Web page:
Anthony Tolliver had a season that his basic stat line can't come close in telling the full story on him.
Taking a look at Tolliver's counting stats you see he averaged 6 points and 2 rebounds per game. He shot 42 percent from the field and 41 percent from three point range in 20 minutes per game. These basic statistics tell us that he played a solid amount of minutes but didn't really impact the game very much when he played.
Looking at Tolliver's advanced numbers it becomes apparent that he was incredibly efficient this season with a True Shooting percentage of 60 percent and an effective Field Goal percentage of 58 percent. Both are way above league average. However, according to his per-game numbers, he only attempted 5 shots a game so you can argue that his efficiency numbers are a bit inflated due to such a low number of attempts.
However, these per game numbers would apply better if Tolliver had been a more consistent part of the Bobcats all season. Tolliver was in and out of the lineup throughout the season, at first gaining traction slowly in helping the team's three-point shooting and then decreasing when Chris Douglas-Roberts offered similar benefits with a more versatile defensive and offensive skill set.
Breaking down Tolliver's season on a month by month basis, he played about 10 games per month with a big jump in January. That big jump can be attributed to January being when the Bobcat were dealing with the majority of injuries they faced this season.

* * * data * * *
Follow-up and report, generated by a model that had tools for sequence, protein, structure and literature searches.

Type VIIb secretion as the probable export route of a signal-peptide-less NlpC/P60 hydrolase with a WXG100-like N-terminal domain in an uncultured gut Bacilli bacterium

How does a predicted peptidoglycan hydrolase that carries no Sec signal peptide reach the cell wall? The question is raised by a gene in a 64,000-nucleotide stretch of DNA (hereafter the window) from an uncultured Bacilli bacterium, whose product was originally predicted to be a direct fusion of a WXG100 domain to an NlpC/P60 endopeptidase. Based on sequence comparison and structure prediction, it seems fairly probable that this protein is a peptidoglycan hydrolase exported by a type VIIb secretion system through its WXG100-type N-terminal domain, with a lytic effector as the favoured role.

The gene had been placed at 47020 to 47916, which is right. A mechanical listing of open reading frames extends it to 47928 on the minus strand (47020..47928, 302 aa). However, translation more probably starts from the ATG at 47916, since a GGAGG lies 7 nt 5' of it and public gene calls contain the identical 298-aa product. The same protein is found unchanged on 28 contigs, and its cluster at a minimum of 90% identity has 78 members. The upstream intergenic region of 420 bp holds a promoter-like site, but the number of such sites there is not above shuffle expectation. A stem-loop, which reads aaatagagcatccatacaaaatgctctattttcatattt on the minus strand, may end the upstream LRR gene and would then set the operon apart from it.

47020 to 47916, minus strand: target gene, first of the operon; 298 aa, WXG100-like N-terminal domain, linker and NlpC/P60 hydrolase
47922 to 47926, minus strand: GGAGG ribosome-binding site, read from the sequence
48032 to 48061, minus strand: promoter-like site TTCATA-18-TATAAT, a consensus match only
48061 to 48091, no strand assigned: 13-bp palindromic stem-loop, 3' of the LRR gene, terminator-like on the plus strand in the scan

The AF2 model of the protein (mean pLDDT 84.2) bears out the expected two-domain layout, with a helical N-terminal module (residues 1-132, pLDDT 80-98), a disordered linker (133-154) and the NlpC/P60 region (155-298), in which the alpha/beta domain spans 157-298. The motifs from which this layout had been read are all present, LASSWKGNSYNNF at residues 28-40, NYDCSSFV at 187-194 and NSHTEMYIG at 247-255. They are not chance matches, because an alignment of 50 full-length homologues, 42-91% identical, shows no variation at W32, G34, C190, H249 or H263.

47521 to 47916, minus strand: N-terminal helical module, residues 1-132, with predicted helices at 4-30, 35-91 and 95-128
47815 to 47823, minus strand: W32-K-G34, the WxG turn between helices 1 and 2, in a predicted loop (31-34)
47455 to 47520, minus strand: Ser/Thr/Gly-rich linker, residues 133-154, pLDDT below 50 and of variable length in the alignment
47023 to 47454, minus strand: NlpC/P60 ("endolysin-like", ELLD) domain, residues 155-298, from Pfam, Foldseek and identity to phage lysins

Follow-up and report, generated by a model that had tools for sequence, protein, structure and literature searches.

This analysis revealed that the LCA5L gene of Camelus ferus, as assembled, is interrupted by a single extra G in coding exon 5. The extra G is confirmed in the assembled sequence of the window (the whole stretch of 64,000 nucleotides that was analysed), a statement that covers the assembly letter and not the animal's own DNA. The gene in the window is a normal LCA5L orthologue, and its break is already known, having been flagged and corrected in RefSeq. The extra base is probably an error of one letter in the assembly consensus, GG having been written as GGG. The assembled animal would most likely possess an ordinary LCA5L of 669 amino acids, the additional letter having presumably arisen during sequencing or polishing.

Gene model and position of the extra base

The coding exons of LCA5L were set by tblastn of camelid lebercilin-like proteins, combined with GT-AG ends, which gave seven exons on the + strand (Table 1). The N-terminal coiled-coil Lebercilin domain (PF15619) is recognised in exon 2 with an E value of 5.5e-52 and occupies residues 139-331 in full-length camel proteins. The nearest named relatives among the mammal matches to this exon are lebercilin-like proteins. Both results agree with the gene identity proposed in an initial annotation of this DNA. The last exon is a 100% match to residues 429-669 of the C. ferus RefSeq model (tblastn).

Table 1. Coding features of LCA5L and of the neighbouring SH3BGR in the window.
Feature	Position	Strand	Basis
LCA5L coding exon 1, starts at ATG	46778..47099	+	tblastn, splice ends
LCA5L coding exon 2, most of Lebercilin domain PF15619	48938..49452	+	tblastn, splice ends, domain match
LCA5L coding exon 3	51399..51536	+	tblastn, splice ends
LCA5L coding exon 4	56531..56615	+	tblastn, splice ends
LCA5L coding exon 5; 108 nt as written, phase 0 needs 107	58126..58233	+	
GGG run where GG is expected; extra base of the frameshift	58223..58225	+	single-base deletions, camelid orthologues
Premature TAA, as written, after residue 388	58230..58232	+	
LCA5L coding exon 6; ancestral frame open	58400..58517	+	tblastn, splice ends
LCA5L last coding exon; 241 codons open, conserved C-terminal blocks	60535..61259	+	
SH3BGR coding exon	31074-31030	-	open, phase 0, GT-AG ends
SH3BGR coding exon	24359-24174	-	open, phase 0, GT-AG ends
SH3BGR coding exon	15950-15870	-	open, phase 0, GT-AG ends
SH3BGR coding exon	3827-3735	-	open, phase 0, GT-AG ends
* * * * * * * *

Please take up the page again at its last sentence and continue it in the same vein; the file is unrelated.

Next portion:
Tolliver was not only inconsistent with playing time because of injuries to other players, but because of his own play as well. His defense wasn't always what it needed to be: too slow to defend on the perimeter and not strong enough to defend the interior, so he was mainly an offensive tool. The defense didn't fall off a cliff without him because he makes decent rotations, but it definitely took a hit.
What hurt Tolliver the most however was his inconsistencies on offense. There were nights when Tolliver attempted more shots than his average. Mainly shooting from the perimeter, if he was hitting it added a necessary layer to the Bobcats' offense. But when he wasn't hitting, like just about the entire month of March, he could become a liability on the floor.
Tolliver's inconsistencies in playing time and shooting hurt him at times but the good things he did can't be understated.
Tolliver's shooting spaced the floor for Charlotte, a benefit they severely lacked in the first months of the season. When hitting his threes, he was an invaluable asset that helped make the Bobcats' offense more efficient as a whole. For a team that lacked in consistent shooting, Tolliver was for many nights the best option they had.
The main problems were the nights when Tolliver wasn't hitting his shots or when he was outmatched defensively by quicker wings. He can't create his own offense so he's very reliant on his spot-up three-point shot. If he's not sinking those shots, then his time on the floor can become a pretty significant minus because of defensive limitations. That's why, despite shooting over 40 percent from three for the entire season, Tolliver had so many DNP-CD's. It's difficult to rely on his narrow skill set.
What we see out of Tolliver is probably what we're gonna get for the rest of his career. All I can ask of him is that he works on his defense but physical limitations can only take you so far.